He is the 2 millionth official resident of the Strip, cementing Gaza's ranking as the most crowded piece of land in the world.
Along with the overpopulation, there's a 50% chance that you're unemployed if you live in Gaza. You don't have electricity for two thirds of the day – if you even have a house. You bathe in hard, salty water, and going abroad is only a dream. And if you're a Gazan with a problem, you can't go to the Palestinian Authority for help – you have to go to Hamas.
Hamas has been highly attentive to the needs of the people of Gaza, fearing that the population will rise up. So far, none of the people who have self immolated in the Strip have managed to spark popular protest. However, this doesn't mean it won't happen.
On the other hand, Hamas is the nation. Ismail Haniyeh, with all of his millions of dollars, still lives in the Shati refugee camp. He is a public figure who isn't disconnected from his electorate Compare this to when the Palestinian Authority controlled Gaza. They would drive around the impoverished strip in their fleets of Mercedes.
There's a reason that Hamas invests so heavily in teaching kindergarteners how great it is to be a shahid, holds extensive workshops for the military wing's reservists, and actively recruits young people. It's not because of any shortage in manpower or volunteers – but due to Hamas's understanding that it must completely merge with Palestinian society.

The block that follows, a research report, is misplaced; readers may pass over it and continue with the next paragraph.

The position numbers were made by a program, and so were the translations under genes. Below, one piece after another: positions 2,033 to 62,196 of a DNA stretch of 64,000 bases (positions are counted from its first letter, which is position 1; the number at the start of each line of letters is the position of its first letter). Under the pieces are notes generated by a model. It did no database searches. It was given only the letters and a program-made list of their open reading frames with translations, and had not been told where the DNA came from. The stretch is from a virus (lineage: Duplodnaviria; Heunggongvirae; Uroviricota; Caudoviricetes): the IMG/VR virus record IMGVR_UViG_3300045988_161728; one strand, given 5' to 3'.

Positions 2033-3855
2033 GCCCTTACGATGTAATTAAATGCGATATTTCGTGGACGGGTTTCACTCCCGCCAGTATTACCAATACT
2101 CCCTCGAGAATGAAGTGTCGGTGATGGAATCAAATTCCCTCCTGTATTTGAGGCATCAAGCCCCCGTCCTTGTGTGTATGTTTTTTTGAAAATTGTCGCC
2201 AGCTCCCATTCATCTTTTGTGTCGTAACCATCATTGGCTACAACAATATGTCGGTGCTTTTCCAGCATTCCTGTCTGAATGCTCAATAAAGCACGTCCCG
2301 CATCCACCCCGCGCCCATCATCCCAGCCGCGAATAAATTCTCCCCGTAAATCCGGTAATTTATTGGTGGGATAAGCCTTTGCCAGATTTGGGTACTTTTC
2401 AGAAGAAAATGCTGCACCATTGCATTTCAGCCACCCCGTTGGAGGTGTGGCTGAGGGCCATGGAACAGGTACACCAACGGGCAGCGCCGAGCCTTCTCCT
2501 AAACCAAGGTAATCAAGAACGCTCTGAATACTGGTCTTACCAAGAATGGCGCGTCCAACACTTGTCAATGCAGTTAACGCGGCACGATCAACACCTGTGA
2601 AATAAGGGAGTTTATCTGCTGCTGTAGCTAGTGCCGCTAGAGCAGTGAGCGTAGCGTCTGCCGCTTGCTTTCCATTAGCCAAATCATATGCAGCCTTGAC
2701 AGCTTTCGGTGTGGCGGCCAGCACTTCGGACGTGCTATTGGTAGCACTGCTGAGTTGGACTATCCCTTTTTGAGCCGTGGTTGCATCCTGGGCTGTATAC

Cut off from Iran and EgyptThe Hamas internal elections are set to begin in December and continue for six months. The most interesting part of the elections are expected to be for the leadership and for who will be the new leader of the terror group.
Khaled Mashal, current political leader of Hamas, has announced that he won't stand for re-election.
However, one mustn't be mistaken – Mashal won't be sitting at home resting on his laurels. At only 60 years of age, and after two decades of being a leading member of Hamas, Mashal is looking for an even bigger role to play. He may become a high ranking figure in the Muslim Brotherhood, the international organization of which Hamas is a part. Or, he may run to be the next Palestinian president – if and when those elections are held.
The Hamas of today is different than the Hamas of a decade ago. After all of the turmoil in the Middle East, Hamas today has no true patron. Hamas has always played the field - creating strong connections with Shia Iran and the Sunni Muslim Brotherhood.
However, Mashal was forced to choose a side as a result of the Arab Spring, and chose to side with the Sunnis.